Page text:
Class of 2015 quarterback Kyler Murray made quite an opening statement Friday night, when his junior season commenced with a commanding performance in a blowout victory. He used his right arm and legs to lead Allen High School (Texas) to a 49-27 win over perennial state title contender Southlake Carroll.
Murray was magnificent, completing 17 of 25 pass attempts for 464 yards and three touchdowns through the air, according to USA Today. He added 78 yards and a pair of scores on the ground.
The prodigious display dazzled a crowd of nearly 20,000 in attendance for the debut of Allen's second season at its new $60 million stadium. It also cements Murray's place among the most elite quarterbacks in the 2015 class.
He currently ranks second nationally in the dual-threat quarterback department, according to 247Sports composite rankings. The ranking system also places Murray 10th overall in Texas and 82nd nationally among high school juniors.
The 5'11", 170-pound 16-year-old is rapidly racking up scholarship offers. His options include Clemson, Arkansas, North Carolina, Ohio State, Texas and Auburn, according to 247Sports.
Despite a lengthy list of potential landing spots, one team has already emerged as a prohibitive favorite to sign Murray. You can blame it on family history.
Kevin Murray, Kyler's father, spent his collegiate days at College Station. He established several Texas A&M passing records and was named the Associated Press Offensive Player of the Year in 1986.
The Aggies presently sit atop his list of college programs, per 247Sports. Murray may have his choice of any squad in the country if he continues to progress at such a scintillating pace.
He shined throughout the 2012 season, which ended with Allen reigning as Class 5A state champions. As a sophomore, Murray threw for 2,000 yards and 17 touchdowns, while rushing for more than 1,300 yards and 25 touchdowns, according to The Dallas Morning News.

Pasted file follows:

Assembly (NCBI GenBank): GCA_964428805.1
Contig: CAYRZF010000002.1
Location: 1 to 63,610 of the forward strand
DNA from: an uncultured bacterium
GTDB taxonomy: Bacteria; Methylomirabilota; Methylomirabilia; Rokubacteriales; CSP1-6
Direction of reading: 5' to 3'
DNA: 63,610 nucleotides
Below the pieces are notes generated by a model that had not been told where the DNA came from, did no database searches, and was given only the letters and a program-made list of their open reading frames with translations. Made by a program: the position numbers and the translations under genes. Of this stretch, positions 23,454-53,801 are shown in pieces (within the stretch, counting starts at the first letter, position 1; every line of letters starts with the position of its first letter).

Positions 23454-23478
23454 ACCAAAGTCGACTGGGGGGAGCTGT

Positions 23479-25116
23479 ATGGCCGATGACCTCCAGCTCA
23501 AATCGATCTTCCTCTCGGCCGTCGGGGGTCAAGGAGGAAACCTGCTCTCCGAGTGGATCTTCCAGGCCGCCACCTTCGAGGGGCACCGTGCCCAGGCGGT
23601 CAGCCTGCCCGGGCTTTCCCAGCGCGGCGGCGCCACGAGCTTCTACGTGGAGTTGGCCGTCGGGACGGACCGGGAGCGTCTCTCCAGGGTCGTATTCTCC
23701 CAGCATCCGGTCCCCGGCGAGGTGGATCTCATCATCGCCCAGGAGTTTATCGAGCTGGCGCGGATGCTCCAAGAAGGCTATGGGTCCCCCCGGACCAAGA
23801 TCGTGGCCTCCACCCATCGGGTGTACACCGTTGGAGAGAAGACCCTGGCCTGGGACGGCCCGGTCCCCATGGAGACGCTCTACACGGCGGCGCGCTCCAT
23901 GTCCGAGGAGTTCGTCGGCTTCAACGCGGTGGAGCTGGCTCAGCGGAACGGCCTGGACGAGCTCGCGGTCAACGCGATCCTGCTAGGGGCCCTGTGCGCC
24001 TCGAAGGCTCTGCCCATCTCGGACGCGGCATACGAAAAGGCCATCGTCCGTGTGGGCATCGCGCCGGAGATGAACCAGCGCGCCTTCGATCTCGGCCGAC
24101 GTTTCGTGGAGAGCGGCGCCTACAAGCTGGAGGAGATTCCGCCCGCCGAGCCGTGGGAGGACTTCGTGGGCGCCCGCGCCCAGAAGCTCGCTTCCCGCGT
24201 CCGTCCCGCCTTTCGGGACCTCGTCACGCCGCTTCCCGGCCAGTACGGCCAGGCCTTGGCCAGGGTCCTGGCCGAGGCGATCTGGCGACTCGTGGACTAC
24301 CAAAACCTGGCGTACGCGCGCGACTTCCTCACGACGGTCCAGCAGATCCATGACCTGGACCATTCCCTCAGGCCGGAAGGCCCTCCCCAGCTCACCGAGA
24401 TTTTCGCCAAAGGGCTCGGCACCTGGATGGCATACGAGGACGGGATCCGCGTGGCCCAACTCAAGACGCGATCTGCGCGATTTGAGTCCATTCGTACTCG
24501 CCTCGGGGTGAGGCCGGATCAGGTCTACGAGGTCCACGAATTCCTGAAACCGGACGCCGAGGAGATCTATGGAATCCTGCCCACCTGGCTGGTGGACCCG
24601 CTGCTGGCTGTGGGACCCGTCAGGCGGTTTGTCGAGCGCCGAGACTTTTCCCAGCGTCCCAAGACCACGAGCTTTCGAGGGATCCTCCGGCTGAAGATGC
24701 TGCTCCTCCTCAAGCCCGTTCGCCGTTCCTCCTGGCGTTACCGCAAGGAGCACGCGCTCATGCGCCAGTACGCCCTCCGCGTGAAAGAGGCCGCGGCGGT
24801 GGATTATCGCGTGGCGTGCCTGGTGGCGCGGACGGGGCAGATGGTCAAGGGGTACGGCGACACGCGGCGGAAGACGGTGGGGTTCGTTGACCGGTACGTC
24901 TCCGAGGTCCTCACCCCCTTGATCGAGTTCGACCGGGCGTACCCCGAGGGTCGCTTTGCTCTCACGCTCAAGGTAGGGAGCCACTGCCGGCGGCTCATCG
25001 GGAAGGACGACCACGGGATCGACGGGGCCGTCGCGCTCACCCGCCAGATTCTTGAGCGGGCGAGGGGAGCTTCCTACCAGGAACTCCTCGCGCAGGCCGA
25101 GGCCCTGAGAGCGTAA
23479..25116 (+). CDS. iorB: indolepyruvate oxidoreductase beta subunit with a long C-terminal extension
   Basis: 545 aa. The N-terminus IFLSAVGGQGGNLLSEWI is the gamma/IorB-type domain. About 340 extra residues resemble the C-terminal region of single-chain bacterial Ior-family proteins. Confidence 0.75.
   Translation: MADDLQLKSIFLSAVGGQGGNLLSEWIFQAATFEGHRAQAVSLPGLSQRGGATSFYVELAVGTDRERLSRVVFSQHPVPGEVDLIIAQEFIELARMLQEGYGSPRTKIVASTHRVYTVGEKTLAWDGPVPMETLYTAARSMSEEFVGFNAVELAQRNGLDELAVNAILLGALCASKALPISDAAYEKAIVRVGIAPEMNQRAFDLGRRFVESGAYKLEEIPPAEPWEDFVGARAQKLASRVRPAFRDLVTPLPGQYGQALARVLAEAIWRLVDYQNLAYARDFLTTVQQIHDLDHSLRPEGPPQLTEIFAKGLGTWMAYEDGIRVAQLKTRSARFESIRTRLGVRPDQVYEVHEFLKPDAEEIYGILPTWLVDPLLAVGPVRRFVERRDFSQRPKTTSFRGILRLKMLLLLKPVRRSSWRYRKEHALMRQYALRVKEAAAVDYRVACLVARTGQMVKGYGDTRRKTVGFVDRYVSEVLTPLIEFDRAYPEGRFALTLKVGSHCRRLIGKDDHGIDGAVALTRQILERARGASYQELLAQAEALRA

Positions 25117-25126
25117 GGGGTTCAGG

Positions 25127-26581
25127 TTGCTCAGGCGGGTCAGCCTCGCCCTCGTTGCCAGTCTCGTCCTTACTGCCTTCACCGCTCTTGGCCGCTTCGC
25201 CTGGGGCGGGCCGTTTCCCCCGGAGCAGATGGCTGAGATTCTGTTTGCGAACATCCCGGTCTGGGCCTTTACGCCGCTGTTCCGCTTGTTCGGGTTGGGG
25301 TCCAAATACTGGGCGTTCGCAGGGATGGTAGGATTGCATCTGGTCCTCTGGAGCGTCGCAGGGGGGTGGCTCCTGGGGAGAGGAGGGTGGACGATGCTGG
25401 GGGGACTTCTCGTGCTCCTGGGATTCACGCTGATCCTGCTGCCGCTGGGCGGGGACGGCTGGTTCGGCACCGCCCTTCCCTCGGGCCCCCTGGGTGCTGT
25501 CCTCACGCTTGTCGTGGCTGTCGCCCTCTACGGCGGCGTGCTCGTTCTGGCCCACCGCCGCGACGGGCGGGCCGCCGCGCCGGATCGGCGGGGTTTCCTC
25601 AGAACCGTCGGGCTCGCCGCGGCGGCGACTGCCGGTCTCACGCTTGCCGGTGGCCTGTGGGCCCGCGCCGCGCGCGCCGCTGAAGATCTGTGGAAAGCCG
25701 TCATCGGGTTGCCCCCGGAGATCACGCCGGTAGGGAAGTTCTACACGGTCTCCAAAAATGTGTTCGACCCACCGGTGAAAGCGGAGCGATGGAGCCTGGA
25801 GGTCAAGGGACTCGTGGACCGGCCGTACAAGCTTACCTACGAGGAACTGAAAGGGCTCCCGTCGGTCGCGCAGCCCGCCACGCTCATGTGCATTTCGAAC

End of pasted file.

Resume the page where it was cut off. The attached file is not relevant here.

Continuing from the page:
His skills as a passer, while far from polished, are practically college-ready.
Murray displays consistent drop-back fundamentals that were clearly crafted through years of closely monitored repetition (consider it a perk of being a quarterback's kid). He doesn't waste steps, maintains appropriate weight balance and does an excellent job of keeping tabs on the action in front of him.
Although he doesn't possess ideal height—something that may change as Murray continues to physically mature—there's evidence that he won't have any trouble surveying the field behind a much bigger offensive line at the next level.
Very much in the mold of "undersized" passers Russell Wilson and Pat White, Murray maneuvers laterally in the pocket while keeping his head on a swivel and shoulders square. He has that uncanny ability to dissect a play as it's developing and slings passes into spots where only his receivers will have an opportunity to come down with the football.
Although his motions are technical, there's a fluidity to the approach that shows Murray isn't pressing. He's even more impressive when under pressure from the opposing defense.
Yahoo! Sports lists his 40-yard-dash time at 4.52, which may be conservative when considering the quickness he displays on tape. When Murray makes the decision to tuck the ball and take off, he's often five yards upfield before secondary defenders can supply reinforcement.
He has exceptional shake in the open field, slipping in and out of running lanes with little effort and a knee-buckling stutter step. Murray's rushing abilities become even more of a threat when his team enters the red zone.
His array of abilities force defensive coordinators to make difficult decisions. A contain scheme may inhibit Murray's opportunities to run, but it allows him to sit back in the pocket and survey the situation with more open space to exploit in the flat.
He throws a crisp deep ball that burns defensive backs, and he continues to develop increased accuracy in the intermediate passing game. Murray must improve elements of his throwing motion in order to make more strides, particularly when it comes to precision and the quickness of his release.
An elongated release is much harder to work with than a short one, which is good news for his future development. Murray occasionally pushes the ball, creating a downward spiral that forces receivers to react by reaching low, ultimately slowing the progression of a play.
These are slight mechanical issues that every young quarterback must work through en route to stardom. His body of work to this point leaves little doubt that Murray is persistent in focusing on his evolution as a passer.
As the yards, touchdowns and scholarship offers continue to mount, expect Murray to command a national spotlight during his final two high school seasons. There's a strong chance he may emerge as the top quarterback in his class.
The future looks bright for the junior and it's certainly exciting to speculate about his untapped potential. For now, all you can do is admire the five-touchdown, 540-yard performance Murray just posted as a state title encore.